Double amputee Olympic sprinter Oscar Pistorius has been charged with murdering his girlfriend, demolishing a sweet sporting mythos that had proved inspirational for physically disabled individuals and the institutionally disabled nation of South Africa.
Pistorius, nicknamed “Blade Runner” for the carbon-fiber prosthetic attachments replacing the legs that were amputated before his first birthday, was said to be the most admired South African after Nelson Mandela. Known as “the fastest man on no legs,” he doggedly overcame congenital flaws to represent South Africa in the 2012 London Olympics. He claims his motto is “You’re not disabled by the disabilities you have, you are able by the abilities you have,” and a tattoo on his back features this passage from Corinthians: “I do not run like a man running aimlessly.”
“Oscar was our good thing,” wrote Sarah Britten of Johannesburg’s Mail & Guardian. “He was our story, a hero who, for all his flaws, overcame the odds and exemplified the greatness of the human spirit.” South African expat Donald McCrae wrote for the Guardian: “Pistorius was a gleaming symbol of South Africa’s past resistance to adversity, and of its future embrace of equality. His life-story was often told as a parable of hope that the country really was in the process of remaking itself after apartheid.”
That all changed on Valentine’s Day. Rather than the second coming of Mandela, Oscar Pistorius is looking more and more like South Africa’s O. J. Simpson.
This is what’s known so far:
On the early morning of February 14, Pistorius fired four 9mm bullets at his girlfriend, model Reeva Steenkamp, hitting her in the head, arm, waist, and hand. At least three of these bullets were fired at Steenkamp through the door of a bathroom in which she had apparently locked herself. Police refuted initial rumors that Pistorius had mistakenly shot at an intruder, citing a lack of evidence of forced entry at his home. The back of Steenkamp’s skull was also crushed, possibly by a bloody cricket bat found at the crime scene.
Neighbors said they’d heard shouting and screaming coming from Pistorius’s home shortly before the killing. Police later confirmed they’d previously visited his residence in response to domestic disturbances.
Before calling paramedics, Pistorius reportedly called his best friend Justin Divaris and confessed to the shooting. When Divaris arrived at the crime scene, he says he saw Pistorius repeatedly sobbing, “My baba, I’ve killed my baba. God take me away.” When paramedics arrived, Steenkamp was still alive but gargling blood from her injuries. She died at the scene.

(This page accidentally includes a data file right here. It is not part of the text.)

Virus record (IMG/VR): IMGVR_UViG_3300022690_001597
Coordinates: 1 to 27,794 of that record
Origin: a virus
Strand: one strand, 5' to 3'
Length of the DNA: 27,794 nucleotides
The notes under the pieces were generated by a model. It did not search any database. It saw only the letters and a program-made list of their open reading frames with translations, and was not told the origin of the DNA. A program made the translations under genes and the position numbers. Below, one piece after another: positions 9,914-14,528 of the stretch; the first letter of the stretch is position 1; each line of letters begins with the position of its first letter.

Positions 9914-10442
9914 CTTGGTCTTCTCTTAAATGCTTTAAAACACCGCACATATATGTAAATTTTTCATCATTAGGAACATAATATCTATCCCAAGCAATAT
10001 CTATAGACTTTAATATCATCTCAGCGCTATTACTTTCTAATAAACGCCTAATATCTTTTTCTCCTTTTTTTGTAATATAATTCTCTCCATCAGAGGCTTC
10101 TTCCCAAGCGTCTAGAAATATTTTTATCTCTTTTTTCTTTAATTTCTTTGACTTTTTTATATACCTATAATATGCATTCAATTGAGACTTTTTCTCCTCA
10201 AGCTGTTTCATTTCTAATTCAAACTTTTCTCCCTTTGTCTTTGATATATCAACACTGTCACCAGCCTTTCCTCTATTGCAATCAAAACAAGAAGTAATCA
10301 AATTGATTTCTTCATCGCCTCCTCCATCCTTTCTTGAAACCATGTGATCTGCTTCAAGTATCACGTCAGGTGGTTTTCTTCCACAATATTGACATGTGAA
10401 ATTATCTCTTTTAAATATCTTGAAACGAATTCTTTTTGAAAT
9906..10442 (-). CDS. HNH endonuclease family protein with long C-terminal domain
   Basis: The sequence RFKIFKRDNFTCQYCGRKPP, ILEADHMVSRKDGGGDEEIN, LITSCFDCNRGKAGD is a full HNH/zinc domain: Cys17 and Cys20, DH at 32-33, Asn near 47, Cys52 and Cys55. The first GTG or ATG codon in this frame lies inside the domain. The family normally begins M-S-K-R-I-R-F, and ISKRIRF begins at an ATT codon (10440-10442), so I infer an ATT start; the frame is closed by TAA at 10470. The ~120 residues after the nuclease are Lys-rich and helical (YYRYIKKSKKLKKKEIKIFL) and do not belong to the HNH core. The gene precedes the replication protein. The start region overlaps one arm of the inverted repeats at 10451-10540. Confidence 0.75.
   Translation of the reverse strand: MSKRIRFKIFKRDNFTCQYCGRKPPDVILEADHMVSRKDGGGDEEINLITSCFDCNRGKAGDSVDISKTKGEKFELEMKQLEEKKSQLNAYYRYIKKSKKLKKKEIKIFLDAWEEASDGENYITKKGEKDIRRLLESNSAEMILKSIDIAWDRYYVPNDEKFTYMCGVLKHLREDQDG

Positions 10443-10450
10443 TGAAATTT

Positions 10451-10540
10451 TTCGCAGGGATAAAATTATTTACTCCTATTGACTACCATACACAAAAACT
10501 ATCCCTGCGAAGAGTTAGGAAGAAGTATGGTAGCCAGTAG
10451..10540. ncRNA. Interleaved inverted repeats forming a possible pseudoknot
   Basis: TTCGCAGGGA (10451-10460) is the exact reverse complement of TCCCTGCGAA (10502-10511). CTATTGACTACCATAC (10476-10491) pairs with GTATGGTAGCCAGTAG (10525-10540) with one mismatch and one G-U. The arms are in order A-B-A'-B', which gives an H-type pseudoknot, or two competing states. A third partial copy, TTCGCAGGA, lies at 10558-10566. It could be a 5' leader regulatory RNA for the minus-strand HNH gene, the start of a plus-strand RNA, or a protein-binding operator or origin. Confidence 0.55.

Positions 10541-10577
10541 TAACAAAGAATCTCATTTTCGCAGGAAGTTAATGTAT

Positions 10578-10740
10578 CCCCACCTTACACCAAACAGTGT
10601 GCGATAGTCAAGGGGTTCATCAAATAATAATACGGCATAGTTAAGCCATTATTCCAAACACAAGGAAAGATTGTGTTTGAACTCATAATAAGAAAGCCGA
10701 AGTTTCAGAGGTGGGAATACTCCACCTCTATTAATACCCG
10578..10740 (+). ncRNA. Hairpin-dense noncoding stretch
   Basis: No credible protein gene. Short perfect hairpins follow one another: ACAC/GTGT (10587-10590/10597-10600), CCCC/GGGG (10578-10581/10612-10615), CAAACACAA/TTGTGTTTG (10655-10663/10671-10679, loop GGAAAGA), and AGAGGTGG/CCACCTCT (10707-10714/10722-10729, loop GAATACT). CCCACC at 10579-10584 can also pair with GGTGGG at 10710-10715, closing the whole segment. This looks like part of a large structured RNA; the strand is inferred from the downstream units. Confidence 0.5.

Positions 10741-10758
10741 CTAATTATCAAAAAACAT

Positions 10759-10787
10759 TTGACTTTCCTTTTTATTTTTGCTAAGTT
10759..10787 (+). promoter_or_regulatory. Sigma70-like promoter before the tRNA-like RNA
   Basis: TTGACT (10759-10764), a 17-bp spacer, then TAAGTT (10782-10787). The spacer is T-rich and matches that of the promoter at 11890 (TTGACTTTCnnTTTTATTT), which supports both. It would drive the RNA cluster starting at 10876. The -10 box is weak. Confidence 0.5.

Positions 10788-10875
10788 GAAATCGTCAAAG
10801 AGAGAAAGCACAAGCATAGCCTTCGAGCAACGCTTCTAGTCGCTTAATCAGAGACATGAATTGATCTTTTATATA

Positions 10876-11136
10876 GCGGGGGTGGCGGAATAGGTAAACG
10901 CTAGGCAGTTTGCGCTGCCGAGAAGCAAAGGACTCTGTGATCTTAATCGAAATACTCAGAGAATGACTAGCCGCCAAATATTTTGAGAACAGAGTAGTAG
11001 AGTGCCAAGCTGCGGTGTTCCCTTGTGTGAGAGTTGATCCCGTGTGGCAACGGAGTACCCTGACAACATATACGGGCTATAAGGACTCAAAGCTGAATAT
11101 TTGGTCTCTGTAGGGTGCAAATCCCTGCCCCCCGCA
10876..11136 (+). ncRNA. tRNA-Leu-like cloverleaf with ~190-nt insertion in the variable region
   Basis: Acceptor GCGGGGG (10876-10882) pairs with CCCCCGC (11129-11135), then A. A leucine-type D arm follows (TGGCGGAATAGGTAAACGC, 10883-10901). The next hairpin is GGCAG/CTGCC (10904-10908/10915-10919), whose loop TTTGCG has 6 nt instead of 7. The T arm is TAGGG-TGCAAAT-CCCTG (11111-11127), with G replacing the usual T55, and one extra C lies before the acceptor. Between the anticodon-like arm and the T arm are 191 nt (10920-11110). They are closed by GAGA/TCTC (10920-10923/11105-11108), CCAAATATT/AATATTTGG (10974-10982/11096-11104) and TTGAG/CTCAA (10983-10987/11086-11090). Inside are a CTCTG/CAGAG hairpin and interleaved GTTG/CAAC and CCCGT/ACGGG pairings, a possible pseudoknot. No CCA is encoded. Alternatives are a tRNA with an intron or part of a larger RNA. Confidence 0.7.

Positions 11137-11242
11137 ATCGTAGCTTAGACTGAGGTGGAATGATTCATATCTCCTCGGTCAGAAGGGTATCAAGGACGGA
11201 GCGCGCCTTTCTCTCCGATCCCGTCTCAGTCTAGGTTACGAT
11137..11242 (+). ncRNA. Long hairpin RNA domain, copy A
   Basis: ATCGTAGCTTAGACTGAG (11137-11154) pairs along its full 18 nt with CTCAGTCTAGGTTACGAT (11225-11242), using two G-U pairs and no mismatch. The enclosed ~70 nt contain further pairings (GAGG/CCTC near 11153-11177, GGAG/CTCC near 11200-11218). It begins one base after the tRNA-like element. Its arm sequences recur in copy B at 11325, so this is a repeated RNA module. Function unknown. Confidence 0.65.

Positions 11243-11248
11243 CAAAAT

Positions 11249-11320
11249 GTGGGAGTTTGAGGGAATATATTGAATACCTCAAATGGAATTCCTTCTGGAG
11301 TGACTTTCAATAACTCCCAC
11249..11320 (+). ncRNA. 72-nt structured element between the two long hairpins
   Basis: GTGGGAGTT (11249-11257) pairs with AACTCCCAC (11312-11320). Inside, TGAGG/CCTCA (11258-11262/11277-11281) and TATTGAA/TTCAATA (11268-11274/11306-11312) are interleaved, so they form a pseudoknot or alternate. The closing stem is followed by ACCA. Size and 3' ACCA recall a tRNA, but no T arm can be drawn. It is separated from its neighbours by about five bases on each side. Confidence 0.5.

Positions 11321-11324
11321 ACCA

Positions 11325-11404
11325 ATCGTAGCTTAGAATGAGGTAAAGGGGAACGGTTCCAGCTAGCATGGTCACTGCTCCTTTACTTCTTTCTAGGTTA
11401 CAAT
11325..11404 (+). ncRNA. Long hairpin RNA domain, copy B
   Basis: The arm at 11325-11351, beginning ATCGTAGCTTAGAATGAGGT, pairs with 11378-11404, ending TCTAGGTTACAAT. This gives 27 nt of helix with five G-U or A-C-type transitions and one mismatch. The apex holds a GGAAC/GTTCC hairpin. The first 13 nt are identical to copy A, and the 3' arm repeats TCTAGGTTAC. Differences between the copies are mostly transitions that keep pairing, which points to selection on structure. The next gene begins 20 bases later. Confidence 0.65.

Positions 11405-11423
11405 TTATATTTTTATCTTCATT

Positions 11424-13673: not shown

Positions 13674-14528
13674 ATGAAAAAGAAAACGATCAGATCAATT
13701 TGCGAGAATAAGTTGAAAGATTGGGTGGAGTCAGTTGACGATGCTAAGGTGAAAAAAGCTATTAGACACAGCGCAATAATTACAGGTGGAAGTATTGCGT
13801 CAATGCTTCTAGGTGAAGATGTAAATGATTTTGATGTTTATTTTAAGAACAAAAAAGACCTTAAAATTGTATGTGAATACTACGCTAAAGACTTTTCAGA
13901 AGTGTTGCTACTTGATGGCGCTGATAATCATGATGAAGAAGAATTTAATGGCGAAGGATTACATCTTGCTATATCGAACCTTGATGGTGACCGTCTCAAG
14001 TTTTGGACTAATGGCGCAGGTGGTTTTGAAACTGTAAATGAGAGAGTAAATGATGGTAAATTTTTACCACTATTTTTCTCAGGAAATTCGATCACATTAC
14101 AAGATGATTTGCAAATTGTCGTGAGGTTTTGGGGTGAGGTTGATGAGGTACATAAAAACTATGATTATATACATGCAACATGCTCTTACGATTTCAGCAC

Although they were known as South Africa’s “golden couple,” Pistorious and Steenkamp had only been dating since November. On the day she was killed, Steenkamp had been scheduled to deliver a motivational speech against domestic abuse at a local school, citing her alleged experiences with a boyfriend prior to Pistorius.
Only days before her death, Steenkamp had written the following on her Instagram page:
I woke up in a happy safe home this morning. Not everyone did. Speak out against the rape of individuals in SA. RIP Anene Booysen. #rape #crime #sayNO.
And here, from February 13, was the last Tweet she’d ever write:
What do you have up your sleeve for your love tomorrow? #getexcited #ValentinesDay
Two days after her death, South African TV aired a reality show Steenkamp had filmed where the 29-year-old blonde model delivered a passage that uncomfortably foreshadowed her demise:
Not just your journey in life, but the way that you go out and make your exit is so important, you have either made an impact in a positive way or a negative way….I’m going to miss you all so much and I love you very, very much.
Pistorius had slightly damaged his own PR last summer during an extraordinarily bitchy case of sour grapes when he complained about the blade length of a rival Paralympian who’d bested him in a race.
But after news of the shooting, evidence quickly started bubbling to the surface that inside Pistorius lurked a personality far darker than the cherubic amputee who’d won hearts and endorsement contracts the world over. An alleged friend of Steenkamp’s said she’d been complaining that Pistorius had grown increasingly possessive. A former girlfriend warned that he is “certainly not what people think he is” and has reportedly been asked to testify against him in court. An associate recalled that beneath his media-savvy gloss, Pistorius was prone to bursts of hostility and screaming.
But in court on Thursday as he was formally being charged with murder, Pistorius was a sobbing mess. He faces a bail hearing tomorrow on the same day when Reeva Steenkamp’s friends and family will be holding a memorial service for the slain model.
If he is found guilty of murder, he becomes an even more uncomfortable emblem of South Africa after apartheid. I doubt that many people who cheered for Mandela’s ascendance and a new “Rainbow Nation” expected South Africa to subsequently become a world leader in rape, violence, and genocide. And I doubt that many sports fans who found inspiration in Oscar Pistorius expected him to murder his girlfriend. Such are the pitfalls of romanticizing and idealizing the disadvantaged.
What’s perhaps most unsettling about his alleged crime is the fact that he’s disabled and is therefore presumed to always be a victim and never a perpetrator. But I like to believe in an equality of corruptibility. I cling to the hateful fantasy that blacks, women, gays, and the disabled are every bit as capable of malice, ill will, and murderous intent as are fully ambulatory straight white males. And as far as I can tell, Oscar Pistorius was perfectly able to kill.
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